Estate, Powers and Trusts, § 11-1.1 Fiduciaries’ powers

Under New York estate law, a fiduciary is defined as a person who is appointed to serve in a position of trust and who acts of the benefit of another person. There are a number of different types of fiduciaries including a trustee. A trustee is the person who holds title to property that is held in a trust for the benefit of a beneficiary or beneficiaries and is primarily responsible for day-to-day trust administration. The trust document details the duties and responsibilities of the trustee. When performing his or her duties, the trustee is required to act honestly and in good faith. New York probate law defines what a fiduciary is permitted to do with respect to trust property. According to New York Estate, Powers and Trusts, § 11-1.1, a fiduciary is allowed to invest or reinvest trust property, and a fiduciary is allowed to collect rent related to trust property. Whether you are a fiduciary, beneficiary, a testator or trust settlor, it is important that you understand the duties and responsibilities of a fiduciary. Contact an experienced New York Trust Lawyer who will be able to answer your questions related to fiduciary responsibilities and who will help you set up a trust that is consistent with New York trust and estate law.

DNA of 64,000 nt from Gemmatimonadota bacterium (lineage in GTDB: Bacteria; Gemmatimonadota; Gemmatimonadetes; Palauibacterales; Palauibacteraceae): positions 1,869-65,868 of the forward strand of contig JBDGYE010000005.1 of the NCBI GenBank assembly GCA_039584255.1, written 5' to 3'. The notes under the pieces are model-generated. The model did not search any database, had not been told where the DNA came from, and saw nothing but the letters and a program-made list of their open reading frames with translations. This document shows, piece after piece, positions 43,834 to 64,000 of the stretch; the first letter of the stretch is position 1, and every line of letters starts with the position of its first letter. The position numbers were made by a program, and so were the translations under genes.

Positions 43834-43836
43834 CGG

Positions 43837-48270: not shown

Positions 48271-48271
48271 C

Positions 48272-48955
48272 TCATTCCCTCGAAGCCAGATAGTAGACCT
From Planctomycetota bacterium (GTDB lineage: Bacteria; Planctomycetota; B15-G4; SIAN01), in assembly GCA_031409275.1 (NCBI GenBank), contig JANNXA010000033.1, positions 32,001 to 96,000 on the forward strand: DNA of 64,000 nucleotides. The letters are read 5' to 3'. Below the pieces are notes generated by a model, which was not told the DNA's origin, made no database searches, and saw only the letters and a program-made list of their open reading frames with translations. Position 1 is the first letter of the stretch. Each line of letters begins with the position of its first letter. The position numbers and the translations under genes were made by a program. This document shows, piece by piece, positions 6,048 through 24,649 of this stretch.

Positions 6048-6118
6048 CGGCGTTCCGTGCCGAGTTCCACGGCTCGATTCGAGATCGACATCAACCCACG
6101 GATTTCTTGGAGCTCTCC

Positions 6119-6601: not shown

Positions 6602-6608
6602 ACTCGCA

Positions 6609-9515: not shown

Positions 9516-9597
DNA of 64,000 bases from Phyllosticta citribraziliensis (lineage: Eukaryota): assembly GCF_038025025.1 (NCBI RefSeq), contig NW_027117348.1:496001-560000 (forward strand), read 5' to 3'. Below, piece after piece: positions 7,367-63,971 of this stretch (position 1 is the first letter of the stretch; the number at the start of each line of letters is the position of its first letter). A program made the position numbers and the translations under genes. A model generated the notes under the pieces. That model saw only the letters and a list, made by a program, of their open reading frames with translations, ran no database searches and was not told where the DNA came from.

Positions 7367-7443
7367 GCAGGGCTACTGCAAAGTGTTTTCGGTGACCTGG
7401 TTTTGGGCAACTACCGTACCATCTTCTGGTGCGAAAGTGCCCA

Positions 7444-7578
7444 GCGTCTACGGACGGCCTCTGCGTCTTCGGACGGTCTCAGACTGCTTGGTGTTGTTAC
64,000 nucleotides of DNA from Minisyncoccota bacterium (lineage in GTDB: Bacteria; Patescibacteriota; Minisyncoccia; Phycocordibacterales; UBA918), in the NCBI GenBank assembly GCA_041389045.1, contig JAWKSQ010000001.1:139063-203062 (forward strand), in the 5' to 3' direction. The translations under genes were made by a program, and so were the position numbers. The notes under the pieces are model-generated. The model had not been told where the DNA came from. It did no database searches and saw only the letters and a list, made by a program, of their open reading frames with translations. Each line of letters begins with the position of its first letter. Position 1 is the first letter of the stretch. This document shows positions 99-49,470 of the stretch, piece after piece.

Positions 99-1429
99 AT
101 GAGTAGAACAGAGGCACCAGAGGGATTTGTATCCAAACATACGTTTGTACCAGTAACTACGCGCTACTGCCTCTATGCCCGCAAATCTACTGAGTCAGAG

Related Statutory Provisions
  1. Tax elections by personal representatives: Estates, Powers and Trusts, § 11-1.2
  2. Power and duty of executor before probate: Estates, Powers and Trusts, § 11-1.3
  3. Validity of execution of power to sell, mortgage or lease real property by less than all qualifying executors: Estates, Powers and Trusts, § 11-1.4
  4. Payment of testamentary dispositions or distributive shares: Estates, Powers and Trusts, § 11-1.5
  5. Property held as a fiduciary to be kept separate: Estates, Powers and Trusts, § 11-1.6
Powers of a fiduciary

As defined in EPTL 11-1.2, the powers of a fiduciary include:

  1. To acquire the remaining undivided interest in the property of an estate or trust in which the fiduciary, in his fiduciary capacity, holds an undivided interest.
  2. To invest and reinvest property of the estate or trust.